Automotive > Infotainment & Telematics Blog

Honda Stage Youtube Music Platform Misses a Beat

by Roger Lanctot | 6月 15, 2014

American Honda Motor (AHM) is said to be investing “millions of dollars” in an effort led by a music industry “dream team” to launch a massive youth marketing initiative called “Honda Stage.” The “multi-platform” agenda is billed as a “bold shift in brand advertising and experiential marketing” to reach the “youth market.”

You can get the details here:

The goal of the program is to provide one-of-a-kind curated music content live and online through “hundreds of pieces of exclusive online videos, news, interviews and performances” through a dedicated Honda Stage Youtube channel. Run from the marketing side of Honda, the plan is no doubt intended to generate leads to sell Honda cars. What is missing is a delivery platform for Honda Stage content in Honda vehicles.

Honda is intending to make Honda Stage content available via iHeartRadio and the iHeartRadio app, but the company is definitely missing a chance to redefine the entire car radio experience. With the onset of satellite radio (ie. Sirius XM) and IP-based radio (ie. Tunein Radio and Harman’s Aha, and Panasonic’s Aupeo!) an opportunity has emerged for car companies to brand and customize the radio experience in the car.

Broadcast industry executives such as Steve Goldstein, vice president of Saga Communications, have lamented (Goldstein blog: their inability to find the traditional radio dial in new app-equipped cars. In some cars (in the U.S.), it is easier to find the iHeartRadio app than it is to find local AM/FM radio stations.

The time has arrived for car makers to take over the content management proposition in the car and create their own branded radio experiences.  With Honda Stage, AHM has the opportunity to take that bold step.  Instead of offering iHeartRadio, Tunein Radio and Aha, Honda can combine all of these radio experiences into a single Honda-branded solution.

A Honda-branded radio in the car could offer a complete content management solution for news, radio, sports, weather, traffic and music along with a channel for communicating important Honda-related news such as new vehicles, new financing, new service options, new apps or even urgent vehicle recall messages.  A partner like Harman’s Aha or Panasonic’s Aupeo! could help create a customized user experience with self-curating customer facing controls.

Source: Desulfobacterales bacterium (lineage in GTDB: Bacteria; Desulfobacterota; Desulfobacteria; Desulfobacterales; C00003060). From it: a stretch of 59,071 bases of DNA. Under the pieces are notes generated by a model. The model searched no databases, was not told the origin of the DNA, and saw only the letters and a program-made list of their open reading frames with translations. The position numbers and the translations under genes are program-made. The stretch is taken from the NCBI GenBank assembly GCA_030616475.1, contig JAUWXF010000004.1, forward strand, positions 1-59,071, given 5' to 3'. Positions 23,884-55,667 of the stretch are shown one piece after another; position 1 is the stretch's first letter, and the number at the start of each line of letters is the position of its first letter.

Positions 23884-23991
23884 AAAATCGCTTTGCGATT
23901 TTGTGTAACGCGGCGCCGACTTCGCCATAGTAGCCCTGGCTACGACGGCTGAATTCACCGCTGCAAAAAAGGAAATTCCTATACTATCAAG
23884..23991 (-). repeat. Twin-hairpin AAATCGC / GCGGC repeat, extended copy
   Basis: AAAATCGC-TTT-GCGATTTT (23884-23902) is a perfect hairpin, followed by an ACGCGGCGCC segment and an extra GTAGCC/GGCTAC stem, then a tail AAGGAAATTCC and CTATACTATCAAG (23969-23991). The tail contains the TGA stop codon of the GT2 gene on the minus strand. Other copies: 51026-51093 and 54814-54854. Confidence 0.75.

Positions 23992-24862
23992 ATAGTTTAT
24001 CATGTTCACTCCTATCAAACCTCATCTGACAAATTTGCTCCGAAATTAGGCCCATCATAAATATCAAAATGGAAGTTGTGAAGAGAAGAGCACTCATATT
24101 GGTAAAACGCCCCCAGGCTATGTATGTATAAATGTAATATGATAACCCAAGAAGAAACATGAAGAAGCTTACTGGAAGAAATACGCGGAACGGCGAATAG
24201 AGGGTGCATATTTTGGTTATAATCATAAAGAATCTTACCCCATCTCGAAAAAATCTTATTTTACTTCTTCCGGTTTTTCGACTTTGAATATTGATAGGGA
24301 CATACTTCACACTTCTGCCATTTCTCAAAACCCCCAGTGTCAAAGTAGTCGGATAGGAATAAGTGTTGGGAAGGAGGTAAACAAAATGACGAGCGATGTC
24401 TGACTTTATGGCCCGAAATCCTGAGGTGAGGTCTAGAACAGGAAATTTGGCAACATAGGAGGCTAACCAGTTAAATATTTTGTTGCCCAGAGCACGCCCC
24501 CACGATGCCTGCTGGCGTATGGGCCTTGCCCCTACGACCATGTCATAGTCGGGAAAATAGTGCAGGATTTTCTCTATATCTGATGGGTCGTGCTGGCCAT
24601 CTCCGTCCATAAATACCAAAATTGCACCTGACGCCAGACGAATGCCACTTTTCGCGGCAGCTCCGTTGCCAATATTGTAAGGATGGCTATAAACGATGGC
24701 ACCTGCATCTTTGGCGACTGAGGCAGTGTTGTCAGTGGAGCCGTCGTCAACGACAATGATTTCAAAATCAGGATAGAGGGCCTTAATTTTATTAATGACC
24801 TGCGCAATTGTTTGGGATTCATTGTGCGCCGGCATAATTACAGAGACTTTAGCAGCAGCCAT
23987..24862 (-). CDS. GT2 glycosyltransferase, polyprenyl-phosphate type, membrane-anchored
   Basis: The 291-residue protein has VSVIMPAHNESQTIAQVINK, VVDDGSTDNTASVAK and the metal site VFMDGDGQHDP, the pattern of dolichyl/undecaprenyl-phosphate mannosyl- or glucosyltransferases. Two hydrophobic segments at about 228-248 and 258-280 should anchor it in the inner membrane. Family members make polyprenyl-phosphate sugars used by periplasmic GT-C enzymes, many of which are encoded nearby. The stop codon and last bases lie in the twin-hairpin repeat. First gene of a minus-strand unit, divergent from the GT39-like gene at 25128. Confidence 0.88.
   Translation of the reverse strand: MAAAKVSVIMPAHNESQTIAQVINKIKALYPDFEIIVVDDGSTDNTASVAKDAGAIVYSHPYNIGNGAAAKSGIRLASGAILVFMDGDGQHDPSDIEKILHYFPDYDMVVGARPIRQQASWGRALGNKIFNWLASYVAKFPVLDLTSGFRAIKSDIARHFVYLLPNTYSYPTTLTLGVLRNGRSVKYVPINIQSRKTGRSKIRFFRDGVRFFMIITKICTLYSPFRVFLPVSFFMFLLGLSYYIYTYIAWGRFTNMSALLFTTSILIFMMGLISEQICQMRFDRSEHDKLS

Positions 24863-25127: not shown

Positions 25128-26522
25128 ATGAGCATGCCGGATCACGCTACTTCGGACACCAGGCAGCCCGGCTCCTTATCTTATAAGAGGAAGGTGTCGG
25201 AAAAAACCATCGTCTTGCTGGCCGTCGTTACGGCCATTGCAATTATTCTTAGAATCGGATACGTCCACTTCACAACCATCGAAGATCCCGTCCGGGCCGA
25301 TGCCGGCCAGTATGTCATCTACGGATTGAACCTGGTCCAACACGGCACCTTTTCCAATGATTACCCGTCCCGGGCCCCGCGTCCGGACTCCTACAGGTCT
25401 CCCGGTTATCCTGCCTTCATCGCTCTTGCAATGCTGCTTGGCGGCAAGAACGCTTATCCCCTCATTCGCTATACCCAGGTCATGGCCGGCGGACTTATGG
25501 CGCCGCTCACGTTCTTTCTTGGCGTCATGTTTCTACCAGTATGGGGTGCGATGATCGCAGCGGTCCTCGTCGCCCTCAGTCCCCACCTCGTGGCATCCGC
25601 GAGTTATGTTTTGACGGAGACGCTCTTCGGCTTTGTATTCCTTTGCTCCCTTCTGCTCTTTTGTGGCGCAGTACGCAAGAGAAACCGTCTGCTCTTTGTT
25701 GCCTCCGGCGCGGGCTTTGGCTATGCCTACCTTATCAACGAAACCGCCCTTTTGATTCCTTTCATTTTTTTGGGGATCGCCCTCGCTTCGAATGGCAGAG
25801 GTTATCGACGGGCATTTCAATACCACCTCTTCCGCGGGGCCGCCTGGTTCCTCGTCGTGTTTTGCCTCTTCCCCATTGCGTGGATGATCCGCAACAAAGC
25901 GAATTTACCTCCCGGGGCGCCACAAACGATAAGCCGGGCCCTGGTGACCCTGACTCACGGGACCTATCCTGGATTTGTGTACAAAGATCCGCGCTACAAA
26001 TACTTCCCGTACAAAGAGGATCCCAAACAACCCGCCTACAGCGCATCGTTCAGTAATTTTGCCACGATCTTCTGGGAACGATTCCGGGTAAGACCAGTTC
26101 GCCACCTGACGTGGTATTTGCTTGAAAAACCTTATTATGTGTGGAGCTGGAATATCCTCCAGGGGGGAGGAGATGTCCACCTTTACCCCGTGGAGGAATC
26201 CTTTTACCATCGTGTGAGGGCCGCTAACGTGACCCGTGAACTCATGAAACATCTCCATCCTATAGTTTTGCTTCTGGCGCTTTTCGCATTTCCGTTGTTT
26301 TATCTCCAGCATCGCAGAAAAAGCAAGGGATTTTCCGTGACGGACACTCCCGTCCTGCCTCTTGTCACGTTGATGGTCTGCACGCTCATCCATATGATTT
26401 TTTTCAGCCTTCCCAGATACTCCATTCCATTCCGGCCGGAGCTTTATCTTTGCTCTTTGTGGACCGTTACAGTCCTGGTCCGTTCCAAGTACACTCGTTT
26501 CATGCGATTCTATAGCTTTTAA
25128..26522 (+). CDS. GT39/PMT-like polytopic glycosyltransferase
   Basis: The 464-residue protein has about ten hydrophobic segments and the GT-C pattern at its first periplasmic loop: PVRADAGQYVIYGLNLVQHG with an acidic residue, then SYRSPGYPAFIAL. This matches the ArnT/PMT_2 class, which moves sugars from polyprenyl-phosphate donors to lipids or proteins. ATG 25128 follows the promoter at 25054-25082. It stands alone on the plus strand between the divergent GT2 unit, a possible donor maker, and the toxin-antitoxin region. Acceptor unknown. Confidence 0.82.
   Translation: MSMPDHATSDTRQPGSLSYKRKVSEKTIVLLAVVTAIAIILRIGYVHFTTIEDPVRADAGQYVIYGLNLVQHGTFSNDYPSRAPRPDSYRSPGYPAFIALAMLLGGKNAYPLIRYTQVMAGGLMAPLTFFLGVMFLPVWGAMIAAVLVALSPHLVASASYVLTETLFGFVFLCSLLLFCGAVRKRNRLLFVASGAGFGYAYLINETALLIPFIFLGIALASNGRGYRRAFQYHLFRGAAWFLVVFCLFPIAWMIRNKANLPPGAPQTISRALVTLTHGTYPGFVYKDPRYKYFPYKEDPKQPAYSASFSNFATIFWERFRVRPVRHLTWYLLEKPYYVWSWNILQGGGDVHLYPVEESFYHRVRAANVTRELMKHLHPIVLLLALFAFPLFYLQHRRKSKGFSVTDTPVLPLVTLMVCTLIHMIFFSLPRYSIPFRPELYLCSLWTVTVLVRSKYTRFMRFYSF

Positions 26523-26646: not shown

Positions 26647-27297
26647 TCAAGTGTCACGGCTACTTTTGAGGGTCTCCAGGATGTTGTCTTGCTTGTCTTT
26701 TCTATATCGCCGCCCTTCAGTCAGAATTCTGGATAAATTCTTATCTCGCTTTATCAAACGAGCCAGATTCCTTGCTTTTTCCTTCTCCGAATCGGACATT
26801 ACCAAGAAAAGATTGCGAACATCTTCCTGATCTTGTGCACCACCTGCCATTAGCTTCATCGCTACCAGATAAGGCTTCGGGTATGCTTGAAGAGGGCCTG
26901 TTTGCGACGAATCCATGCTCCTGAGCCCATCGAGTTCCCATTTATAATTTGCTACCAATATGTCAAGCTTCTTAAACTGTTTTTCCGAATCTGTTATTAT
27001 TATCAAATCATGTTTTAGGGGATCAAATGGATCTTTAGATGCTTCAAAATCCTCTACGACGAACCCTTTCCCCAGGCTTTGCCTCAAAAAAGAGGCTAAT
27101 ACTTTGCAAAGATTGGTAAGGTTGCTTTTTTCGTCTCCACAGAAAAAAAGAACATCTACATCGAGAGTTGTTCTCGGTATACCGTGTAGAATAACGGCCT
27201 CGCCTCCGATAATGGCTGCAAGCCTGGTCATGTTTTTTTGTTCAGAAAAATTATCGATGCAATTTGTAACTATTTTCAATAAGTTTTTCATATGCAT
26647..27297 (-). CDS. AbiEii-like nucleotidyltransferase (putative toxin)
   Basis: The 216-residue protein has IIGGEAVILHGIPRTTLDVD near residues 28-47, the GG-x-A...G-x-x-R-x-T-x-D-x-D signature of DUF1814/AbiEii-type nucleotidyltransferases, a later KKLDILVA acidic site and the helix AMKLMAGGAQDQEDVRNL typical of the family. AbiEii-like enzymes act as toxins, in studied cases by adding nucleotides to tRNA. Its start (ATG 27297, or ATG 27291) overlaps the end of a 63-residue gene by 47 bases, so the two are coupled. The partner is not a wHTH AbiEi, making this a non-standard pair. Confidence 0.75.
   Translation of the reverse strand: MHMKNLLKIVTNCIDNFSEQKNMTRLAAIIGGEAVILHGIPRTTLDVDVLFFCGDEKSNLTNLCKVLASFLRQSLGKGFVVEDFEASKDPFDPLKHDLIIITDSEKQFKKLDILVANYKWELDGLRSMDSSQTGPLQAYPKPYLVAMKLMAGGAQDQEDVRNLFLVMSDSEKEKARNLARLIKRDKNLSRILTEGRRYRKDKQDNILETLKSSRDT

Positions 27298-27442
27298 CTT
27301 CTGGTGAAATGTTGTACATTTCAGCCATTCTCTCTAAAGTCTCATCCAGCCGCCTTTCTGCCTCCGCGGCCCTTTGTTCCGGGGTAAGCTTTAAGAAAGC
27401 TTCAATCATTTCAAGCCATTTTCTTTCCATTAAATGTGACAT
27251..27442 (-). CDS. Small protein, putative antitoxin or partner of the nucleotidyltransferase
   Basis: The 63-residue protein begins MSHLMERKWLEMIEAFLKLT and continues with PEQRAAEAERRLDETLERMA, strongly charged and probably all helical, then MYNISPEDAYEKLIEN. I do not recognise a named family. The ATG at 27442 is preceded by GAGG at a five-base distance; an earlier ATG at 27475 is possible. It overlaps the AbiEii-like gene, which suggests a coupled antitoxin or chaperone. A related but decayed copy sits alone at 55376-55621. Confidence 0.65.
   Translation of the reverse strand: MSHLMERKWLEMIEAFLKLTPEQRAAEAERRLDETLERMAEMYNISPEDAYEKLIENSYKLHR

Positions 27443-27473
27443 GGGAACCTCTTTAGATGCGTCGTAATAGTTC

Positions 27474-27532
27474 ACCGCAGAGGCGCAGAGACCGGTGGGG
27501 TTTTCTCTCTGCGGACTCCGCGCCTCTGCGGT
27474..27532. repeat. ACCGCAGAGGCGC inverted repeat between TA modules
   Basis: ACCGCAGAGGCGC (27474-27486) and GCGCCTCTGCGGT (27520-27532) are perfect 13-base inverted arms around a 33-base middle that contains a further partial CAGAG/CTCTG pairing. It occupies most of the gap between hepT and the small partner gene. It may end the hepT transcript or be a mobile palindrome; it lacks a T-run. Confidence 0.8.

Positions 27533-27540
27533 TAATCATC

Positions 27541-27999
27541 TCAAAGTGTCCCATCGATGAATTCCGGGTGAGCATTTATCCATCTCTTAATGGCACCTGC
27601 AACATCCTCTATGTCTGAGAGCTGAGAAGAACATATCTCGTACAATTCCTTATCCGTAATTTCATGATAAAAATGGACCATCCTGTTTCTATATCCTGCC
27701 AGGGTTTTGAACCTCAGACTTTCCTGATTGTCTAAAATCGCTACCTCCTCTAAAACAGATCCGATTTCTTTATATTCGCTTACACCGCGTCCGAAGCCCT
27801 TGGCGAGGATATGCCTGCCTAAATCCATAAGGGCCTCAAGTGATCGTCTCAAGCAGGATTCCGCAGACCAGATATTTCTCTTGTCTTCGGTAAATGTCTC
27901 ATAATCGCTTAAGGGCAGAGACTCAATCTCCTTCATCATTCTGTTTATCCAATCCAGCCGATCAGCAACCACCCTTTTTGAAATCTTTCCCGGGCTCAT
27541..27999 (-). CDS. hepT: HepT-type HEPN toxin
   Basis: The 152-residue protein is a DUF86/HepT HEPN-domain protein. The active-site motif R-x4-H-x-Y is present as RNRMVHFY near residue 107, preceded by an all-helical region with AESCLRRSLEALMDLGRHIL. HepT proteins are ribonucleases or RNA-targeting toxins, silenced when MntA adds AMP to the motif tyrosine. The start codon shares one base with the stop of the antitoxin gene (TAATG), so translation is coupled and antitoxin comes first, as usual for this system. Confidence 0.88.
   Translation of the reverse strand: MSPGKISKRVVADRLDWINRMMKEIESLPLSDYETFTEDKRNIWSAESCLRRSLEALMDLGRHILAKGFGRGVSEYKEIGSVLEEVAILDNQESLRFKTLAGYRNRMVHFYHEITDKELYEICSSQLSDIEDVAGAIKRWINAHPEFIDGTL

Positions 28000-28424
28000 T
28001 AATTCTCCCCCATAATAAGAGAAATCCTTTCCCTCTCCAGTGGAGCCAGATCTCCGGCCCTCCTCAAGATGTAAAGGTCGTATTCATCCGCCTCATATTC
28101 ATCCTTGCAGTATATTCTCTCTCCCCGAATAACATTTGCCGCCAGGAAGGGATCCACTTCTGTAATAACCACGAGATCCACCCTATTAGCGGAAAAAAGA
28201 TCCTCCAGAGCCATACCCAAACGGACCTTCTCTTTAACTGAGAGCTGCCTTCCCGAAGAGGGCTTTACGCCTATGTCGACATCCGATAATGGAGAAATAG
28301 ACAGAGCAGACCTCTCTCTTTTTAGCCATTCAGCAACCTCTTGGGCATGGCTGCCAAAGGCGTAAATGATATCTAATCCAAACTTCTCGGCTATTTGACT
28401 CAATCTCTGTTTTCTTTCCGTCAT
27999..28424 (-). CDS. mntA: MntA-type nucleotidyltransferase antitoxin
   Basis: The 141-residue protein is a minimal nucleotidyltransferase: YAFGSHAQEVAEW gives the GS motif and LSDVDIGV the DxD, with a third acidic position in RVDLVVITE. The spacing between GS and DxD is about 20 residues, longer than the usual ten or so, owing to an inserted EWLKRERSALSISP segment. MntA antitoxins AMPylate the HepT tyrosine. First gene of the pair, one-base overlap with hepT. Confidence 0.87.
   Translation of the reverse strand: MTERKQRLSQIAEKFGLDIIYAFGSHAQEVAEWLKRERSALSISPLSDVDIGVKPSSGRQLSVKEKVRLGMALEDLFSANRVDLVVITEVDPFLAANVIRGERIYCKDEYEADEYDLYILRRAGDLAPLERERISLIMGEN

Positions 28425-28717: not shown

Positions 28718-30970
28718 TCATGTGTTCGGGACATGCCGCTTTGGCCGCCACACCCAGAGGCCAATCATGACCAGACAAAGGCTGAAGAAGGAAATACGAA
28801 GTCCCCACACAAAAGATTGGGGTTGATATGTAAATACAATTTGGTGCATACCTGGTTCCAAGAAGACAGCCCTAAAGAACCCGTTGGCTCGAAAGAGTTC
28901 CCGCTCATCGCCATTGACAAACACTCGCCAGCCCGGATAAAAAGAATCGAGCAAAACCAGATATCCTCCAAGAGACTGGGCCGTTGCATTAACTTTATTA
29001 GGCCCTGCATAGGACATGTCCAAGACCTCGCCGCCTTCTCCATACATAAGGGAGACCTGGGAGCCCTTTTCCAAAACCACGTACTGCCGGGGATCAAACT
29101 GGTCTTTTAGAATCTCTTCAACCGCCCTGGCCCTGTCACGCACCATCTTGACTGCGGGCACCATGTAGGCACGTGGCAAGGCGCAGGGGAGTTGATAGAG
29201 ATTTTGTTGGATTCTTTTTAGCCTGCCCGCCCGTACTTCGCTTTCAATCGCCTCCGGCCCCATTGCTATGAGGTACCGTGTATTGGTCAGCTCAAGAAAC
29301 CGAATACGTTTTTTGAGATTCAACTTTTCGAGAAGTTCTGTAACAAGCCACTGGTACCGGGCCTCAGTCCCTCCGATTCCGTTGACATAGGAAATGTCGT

With Honda Stage, Honda is tearing a page from the Sirius XM playbook.  Sirius XM has been able to build a base of 25M+ subscribers on a combination of unique content, ease of use and subsidized relationships with auto makers.  Honda Stage will have its own unique content which it can combine with the content provided by its partners.  A Honda-branded radio will allow the company to control the display-based delivery platform in its cars enabling a unique curated experience.

I know why Honda has not taken this bold step.  The marketing department operates independently of the engineers actually designing the cars and infotainment systems.  Marketing and engineering simply do not coordinate their activities very effectively at Honda or any other car company.

The marketing departments of car companies typically have completely different objectives from the infotainment system design teams.  And marketers also often fail to grasp the privacy concerns of drivers relative to the priorities of Website visitors.

While Honda Stage can be expected to deliver some excellent lead generation for Honda dealers via tracking customer visits to Google-owned, it is missing a chance to close the loop with Honda vehicles.  The problem, of course, has to do with the fact that Honda will want to create and control an in-car Honda-branded radio experience.  Honda will not want Google tapping into its customers’ in-vehicle content and advertising consumption and exposure.

According to recent Strategy Analytics research, customers in cars are much less interested in being tracked than they are when online outside the car.  For that reason, Honda and other car companies, will want radio partners that protect privacy.

Honda says the Honda Stage program will be promoted on air and online across Clear Channel radio stations and through iHeartRadio and will deliver regular live interviews and in-studio performances on the Honda Stage, broadcast on REVOLT TV, the iOS and Android REVOLT apps and the Honda Stage YouTube Channel.

But Honda is missing a beat if it does not seize this extraordinary opportunity to create an in-vehicle, over-the-top branded radio experience designed to aggregate the existing IP radio experiences in its cars and leverage its unique, sponsored Honda Stage content and other brand-related communications.  A Honda-branded radio will allow Honda to redefine and enrich its customer engagement with a value-added, customized and personalized content delivery platform – simplifying the icon-based, app-oriented offering currently delivered via AcuraLink and HondaLink.

And, of course, the same hold true for every other car maker.  Chevy Radio?  Tesla Radio?

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